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Evicted Greek TV channel goes on air from street (VIDEO)

An Athens street was turned into a live studio by employees of Greece’s former state TV broadcaster, after riot police evicted them from their offices, which the journalists had refused to leave, despite the government shutting the channel down.

It took a microphone, a camera and some lights on a street to put Greece’s ERT, which officially has not existed since June, back on the on air Thursday. The channel’s news anchor, Aglaia Kiritsi, hosted a show from outside the former headquarters of the broadcaster, cordoned off by police.   

Around 500 Greeks were out there, too, showing their support for the former ERT employees.

“We are here, ERT employees continue to work! Over the next few days we’ll find ways to produce radio and TV programs with the consistency and professionalism that has characterized our work throughout this time,” Euronews reported journalists’ representative Machi Nikolara as saying.

All 2,700 ERT staff members were fired five months ago, when the Greek government announced the closure of the state broadcaster, explaining that it was part of the country’s austerity program.

The journalists refused to accept the closure or to leave the building. The rebellious journalists continued to work unpaid, streaming their programs via the internet.

Riot police clash with people gathered outside the headquarters of former public broadcaster ERT in Athens on November 7, 2013. (AFP Photo / Kostis Ntantamis)

Eventually, riot police this week forced the journalists out of the channel’s offices.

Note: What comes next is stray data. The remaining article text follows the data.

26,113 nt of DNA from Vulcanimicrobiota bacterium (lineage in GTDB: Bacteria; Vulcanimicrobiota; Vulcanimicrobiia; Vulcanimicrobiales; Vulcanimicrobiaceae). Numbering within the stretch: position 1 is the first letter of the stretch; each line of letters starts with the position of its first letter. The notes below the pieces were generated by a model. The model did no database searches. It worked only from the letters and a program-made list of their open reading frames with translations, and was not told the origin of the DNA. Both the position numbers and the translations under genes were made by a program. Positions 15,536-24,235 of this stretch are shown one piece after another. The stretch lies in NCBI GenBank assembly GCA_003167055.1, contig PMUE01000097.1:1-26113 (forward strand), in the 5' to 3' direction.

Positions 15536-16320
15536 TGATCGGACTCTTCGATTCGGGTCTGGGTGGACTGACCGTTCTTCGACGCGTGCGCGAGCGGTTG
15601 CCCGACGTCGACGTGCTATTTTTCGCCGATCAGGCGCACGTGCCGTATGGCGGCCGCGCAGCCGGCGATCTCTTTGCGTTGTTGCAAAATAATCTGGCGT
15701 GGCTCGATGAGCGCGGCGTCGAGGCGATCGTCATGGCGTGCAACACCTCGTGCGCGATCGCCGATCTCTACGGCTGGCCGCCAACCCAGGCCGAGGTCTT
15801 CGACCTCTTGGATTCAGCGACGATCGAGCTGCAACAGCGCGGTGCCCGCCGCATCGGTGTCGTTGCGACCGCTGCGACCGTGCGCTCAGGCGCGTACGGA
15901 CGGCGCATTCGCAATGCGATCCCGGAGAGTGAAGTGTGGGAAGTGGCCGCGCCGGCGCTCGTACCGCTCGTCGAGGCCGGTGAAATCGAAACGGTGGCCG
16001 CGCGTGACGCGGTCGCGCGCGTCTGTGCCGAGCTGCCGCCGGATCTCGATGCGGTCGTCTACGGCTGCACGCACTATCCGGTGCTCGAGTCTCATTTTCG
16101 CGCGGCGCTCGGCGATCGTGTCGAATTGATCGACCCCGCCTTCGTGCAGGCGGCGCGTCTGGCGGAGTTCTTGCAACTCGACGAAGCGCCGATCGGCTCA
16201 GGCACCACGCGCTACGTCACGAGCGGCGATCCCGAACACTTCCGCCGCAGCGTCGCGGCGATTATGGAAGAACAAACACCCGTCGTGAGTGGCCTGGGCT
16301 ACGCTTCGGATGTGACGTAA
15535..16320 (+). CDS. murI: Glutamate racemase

Following the eviction of the journalists, the Greek leftist opposition party Syriza called for a no-confidence vote in the government.

"The government has deceived the people," The Wall Street Journal cited Syriza leader Alexis Tsipras as saying while introducing the no-confidence motion. "This catastrophic path must stop now and we have a duty to do it."

The move by the opposition might put at risk the prospect of more financial aid from the EU. Representatives of the so-called troika – the European Commission, the International Monetary Fund and the European Central Bank – are currently in Greece to assess its costs-cutting efforts.

The motion is "like a stab in the back to our country, at a time when the government is negotiating with its lenders and all its attention should be focused there," said Simos Kedikoglou, a spokesman for the government, which is formed of the right-wing party new Democracy and the centrist, former socialist party PASOK.

Greece has promised its creditors to sack 4,000 public sector workers by the end of 2013. The country’s population reacted to the news of the latest austerity cuts with a 24-hour strike on Wednesday.